Bernal claims Colombia’s first Tour de France title

Colombian fans in Paris celebrated on Sunday as 22-year-old Egan Bernal became the first Colombian to win the Tour de France.
Colombia's Egan Bernal (right) and cyclists ride down the Champs Elysees avenue next to the Arc de Triomphe during the 21st and last stage of the 106th edition of the Tour de France cycling race between Rambouillet and Paris Champs-Elysees, in Paris,
Colombia's Egan Bernal (right) and cyclists ride down the Champs Elysees avenue next to the Arc de Triomphe during the 21st and last stage of the 106th edition of the Tour de France cycling race between Rambouillet and Paris Champs-Elysees, in Paris, on July 28, 2019. PHOTO: AFP

PARIS (REUTERS) - Egan Bernal became the first Colombian to win the Tour de France when he retained the overall leader’s yellow jersey after Sunday’s (July 28) 21st and final stage won by Caleb Ewan of Australia. 

The 22-year-old Bernal, the youngest rider to win the race in 110 years, gave Team Ineos – formerly Team Sky – their seventh title in the last eight editions. 

He beat team mate and defending champion Geraint Thomas of Britain by 1:11, with Dutchman Steven Kruijswijk coming home third, 1:31 off the pace.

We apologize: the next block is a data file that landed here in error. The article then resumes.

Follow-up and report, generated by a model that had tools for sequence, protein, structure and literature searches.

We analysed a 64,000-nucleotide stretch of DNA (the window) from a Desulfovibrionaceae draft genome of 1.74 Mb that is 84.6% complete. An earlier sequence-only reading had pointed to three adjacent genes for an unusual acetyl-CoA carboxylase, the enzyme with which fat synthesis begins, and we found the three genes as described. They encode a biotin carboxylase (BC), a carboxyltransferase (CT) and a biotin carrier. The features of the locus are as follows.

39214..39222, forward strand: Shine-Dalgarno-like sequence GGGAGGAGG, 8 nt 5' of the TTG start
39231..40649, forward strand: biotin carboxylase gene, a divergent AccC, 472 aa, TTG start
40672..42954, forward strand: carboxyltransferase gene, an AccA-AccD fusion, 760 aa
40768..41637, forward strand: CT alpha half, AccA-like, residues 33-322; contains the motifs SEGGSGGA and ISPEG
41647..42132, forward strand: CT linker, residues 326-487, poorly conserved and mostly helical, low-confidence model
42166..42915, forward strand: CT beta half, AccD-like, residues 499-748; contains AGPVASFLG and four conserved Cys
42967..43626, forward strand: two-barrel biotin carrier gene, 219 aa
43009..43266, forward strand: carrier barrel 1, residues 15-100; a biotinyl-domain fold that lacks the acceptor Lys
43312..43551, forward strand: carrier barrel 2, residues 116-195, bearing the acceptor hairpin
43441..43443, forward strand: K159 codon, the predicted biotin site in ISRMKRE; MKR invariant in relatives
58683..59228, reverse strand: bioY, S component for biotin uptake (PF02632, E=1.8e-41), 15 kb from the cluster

Also the winner of the white jersey for the best Under-25 rider, Bernal did not win a single stage, but he was first at the top of the Col de l’Iseran when the 19th stage was stopped because of hailstorms and landslides in the Alps. 

Kruijswijk’s Jumbo-Visma team shone throughout the race, winning four stages through Dylan Groenewegen, Wout van Aert, Mike Teunissen and the team time trial. 

Briton Adam Yates failed to impress but his Mitchelton-Scott team also claimed four stages. Yates’ twin brother Simon won two stages while Matteo Trentin and Daryl Impey took one apiece. 

 
 
 
 

France’s Julian Alaphilippe, who wore the yellow jersey for 14 days but cracked in the Alps and ended fifth overall, was the race’s most exciting rider. 

The world number one, who had been fighting to become France’s first winner since Bernard Hinault in 1985, was voted this year’s most aggressive rider after also winning two stages. 

“Alaphilippe changed the deal of this Tour de France, no question about it,” said Tour director Christian Prudhomme. 

“There was also the absence of (four-times champion) Chris Froome, which gave hope to many riders.”

Slovakian Peter Sagan wrapped up a record seventh green jersey for the points classification, surpassing the previous mark he held jointly with German Erik Zabel. 

Frenchman Romain Bardet won the polka dot jersey for the mountains classification, a consolation prize after he dropped out of overall contention early on. 

Sunday’s stage, a mostly processional ride from Rambouillet that ended on the Champs Elysees, as it has done every year since 1975, was won by Ewan, who snatched his third stage win on his Tour debut. 

Ewan burst through on the right side of the cobbled avenue to beat Dutchman Groenewegen and Italian Niccolo Bonifazio, who were second and third respectively.